Click to Skip Ad
Closing in...

The Apollo landings actually made the Moon warmer, but not in the way you’re imagining

It’s common knowledge that mankind has caused the dramatic warming of the Earth — nobody besides conspiracy nuts and politicians looking for contributions from energy lobbyists actually bothers to dispute this anymore — but it looks like humans managed to extend our world-warming habits to the Moon as well. In a new research paper published in the Journal of Geophysical Research, scientists explain how the Apollo landings actually led to the Moon getting slightly hotter.

No, the astronauts that visited the Moon didn’t spew chemicals or anything of that sort, but they did travel across the lunar surface both by foot and by vehicle, and that alone was enough to make the moon warmer… but only after they left.

Much of the Moon is covered in a layer of bright dust called the regolith. Because of its bleached color, the dust actually provides some reflective properties when it comes to sunlight, and when the Apollo missions disturbed that dust, revealing the darker lunar soil hiding below, it made the Moon ever-so-slightly darker overall. The darker soil absorbs more light, and that means more heat.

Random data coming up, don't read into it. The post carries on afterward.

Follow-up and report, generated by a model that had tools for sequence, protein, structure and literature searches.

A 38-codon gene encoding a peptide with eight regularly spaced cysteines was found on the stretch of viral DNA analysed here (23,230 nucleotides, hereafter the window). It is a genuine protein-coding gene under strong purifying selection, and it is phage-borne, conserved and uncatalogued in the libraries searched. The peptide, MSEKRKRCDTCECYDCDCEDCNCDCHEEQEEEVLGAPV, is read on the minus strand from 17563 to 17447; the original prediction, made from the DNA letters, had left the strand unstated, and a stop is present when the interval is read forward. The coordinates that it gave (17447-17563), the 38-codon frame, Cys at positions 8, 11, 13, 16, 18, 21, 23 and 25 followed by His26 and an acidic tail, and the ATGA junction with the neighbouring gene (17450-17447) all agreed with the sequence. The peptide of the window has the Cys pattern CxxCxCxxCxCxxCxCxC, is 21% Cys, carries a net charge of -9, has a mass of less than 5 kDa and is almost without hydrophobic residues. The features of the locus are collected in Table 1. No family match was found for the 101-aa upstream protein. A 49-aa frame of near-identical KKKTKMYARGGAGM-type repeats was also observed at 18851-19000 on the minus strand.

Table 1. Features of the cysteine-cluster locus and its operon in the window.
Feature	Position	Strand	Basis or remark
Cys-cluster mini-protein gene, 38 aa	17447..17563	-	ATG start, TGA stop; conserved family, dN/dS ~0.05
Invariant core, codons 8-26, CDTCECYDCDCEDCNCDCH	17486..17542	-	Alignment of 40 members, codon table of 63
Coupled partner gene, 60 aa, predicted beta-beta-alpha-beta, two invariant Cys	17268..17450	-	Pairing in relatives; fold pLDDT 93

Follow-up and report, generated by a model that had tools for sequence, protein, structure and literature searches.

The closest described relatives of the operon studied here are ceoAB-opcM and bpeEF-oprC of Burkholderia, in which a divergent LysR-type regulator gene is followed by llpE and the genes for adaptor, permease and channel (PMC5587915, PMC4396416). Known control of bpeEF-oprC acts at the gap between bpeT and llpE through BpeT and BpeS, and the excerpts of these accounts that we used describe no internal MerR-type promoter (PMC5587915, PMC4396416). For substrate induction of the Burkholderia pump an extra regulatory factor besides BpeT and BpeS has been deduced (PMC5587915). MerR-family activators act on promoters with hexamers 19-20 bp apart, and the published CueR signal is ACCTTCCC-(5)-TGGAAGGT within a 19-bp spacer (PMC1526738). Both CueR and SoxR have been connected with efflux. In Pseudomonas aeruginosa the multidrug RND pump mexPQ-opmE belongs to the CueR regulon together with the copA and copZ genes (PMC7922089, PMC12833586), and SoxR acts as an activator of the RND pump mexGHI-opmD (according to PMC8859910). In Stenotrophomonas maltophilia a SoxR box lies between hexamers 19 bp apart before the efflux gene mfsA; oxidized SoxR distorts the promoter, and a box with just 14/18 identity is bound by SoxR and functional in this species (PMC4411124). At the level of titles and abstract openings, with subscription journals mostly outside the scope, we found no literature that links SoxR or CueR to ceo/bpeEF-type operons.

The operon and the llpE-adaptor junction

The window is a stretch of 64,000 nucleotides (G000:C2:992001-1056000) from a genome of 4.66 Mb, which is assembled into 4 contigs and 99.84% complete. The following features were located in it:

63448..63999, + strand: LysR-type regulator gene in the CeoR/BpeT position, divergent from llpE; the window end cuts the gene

“Recently acquired images of the Lunar Reconnaissance Orbiter Camera over the two landing sites show that the regolith on the paths of the astronauts turned darker, lowering the albedo,” the researchers explain. “We suggest that, as a result of the astronauts’ activities, solar heat intake by the regolith increased slightly on average, and that resulted in the observed warming.”

The slight warming effect that resulted from mankind’s visits won’t really change much in terms of how scientists study the Moon, but it’s an extremely interesting observation of how a simple visit from humans can begin to alter a world before we even realize it.

With many space programs around the world focusing on Mars and the inevitability of a manned mission to the Red Planet, it’s probably worth considering how we might negatively affect Mars simply by exploring it. Taking proactive steps to prevent unwanted changes to the Martian surface is something that needs to be planned well in advance of a landing, so now’s the time.

Mike Wehner has reported on technology and video games for the past decade, covering breaking news and trends in VR, wearables, smartphones, and future tech.

Most recently, Mike served as Tech Editor at The Daily Dot, and has been featured in USA Today,, and countless other web and print outlets. His love of reporting is second only to his gaming addiction.

Popular News